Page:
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Mother Tongue-based Literacy Programmes: Case Studies of Good Practice in Asia.

Mother Tongue-based Literacy Programmes: Case Studies of Good Practice in Asia.

The Asia-Pacific region hosts several thousand languages. Linguistic diversity, which is characteristic of many countries of the region, presents a variety of challenges for the education system. What languages should children learn? Even more important: What language should be used for imparting instruction in schools? What factors direct the policy makers in formulating language policies? What would be more appropriate in pedagogical terms? These questions need careful examination for understanding the current state of language use in education for different countries of the region. Indeed, the central role played by language in processes of cognition and learning is a well established fact. Researchers and thinkers have unreservedly endorsed the crucial value of competence in the mother tongue, which children acquire in the most natural fashion as they grow and develop, for further learning and education. It is in the context of such assertions and mounting empirical evidences on the value of mother tongue in education that UNESCO emphatically stated: "...it is important that every effort should be made to provide education in the mother tongue... On educational grounds, we recommend that the use of the mother tongue be extended to as late a stage in education as possible. In particular, pupils should begin their schooling through the medium of the mother tongue, because they understand it best and because to begin their school life in the mother tongue will make the break between home and school as small as possible." (UNESCO, 1951) Subsequently, the endorsement acquired the status of a "right" with its incorporation into the internationally established Convention on the Rights of Children. This Convention advocates education in the mother tongue at least through the initial years of schooling as a basic right of every child.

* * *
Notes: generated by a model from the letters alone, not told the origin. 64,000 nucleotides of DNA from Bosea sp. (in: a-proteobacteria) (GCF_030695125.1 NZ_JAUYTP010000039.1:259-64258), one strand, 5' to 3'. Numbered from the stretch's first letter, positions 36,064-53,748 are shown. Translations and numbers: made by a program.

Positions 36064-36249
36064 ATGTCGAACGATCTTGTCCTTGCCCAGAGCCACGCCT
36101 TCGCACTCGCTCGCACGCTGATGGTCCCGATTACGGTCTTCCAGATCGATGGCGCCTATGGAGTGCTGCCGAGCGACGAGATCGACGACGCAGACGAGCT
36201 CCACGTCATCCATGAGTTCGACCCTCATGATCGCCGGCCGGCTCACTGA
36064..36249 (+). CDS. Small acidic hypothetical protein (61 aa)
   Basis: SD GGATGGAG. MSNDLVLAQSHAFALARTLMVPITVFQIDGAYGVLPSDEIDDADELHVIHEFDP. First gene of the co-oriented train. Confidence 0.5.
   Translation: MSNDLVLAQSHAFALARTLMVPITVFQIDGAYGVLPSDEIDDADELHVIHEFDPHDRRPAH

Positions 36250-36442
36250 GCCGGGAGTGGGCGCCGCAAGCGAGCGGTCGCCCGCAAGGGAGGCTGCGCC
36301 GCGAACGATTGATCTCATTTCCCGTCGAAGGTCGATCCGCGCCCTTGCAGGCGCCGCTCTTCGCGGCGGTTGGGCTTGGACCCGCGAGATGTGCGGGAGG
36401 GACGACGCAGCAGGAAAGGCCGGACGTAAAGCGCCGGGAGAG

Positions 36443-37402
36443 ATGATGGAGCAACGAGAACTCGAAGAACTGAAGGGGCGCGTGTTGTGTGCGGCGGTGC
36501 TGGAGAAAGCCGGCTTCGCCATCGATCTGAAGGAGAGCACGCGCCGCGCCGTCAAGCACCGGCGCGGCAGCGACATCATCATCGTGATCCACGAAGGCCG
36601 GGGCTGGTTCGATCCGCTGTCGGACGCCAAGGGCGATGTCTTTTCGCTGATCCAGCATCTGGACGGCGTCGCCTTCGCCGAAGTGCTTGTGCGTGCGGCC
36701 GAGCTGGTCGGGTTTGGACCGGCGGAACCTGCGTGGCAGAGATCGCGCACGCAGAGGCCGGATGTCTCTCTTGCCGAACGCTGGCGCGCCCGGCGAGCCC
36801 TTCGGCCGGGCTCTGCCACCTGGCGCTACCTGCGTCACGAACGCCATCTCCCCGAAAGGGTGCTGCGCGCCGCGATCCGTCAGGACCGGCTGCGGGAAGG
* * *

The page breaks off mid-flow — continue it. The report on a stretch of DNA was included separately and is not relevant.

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Mother Tongue-based Literacy Programmes: Case Studies of Good Practice in Asia

Bangkok: UNESCO Bangkok, 2007, 166p.

ISBN 92-9223-113-8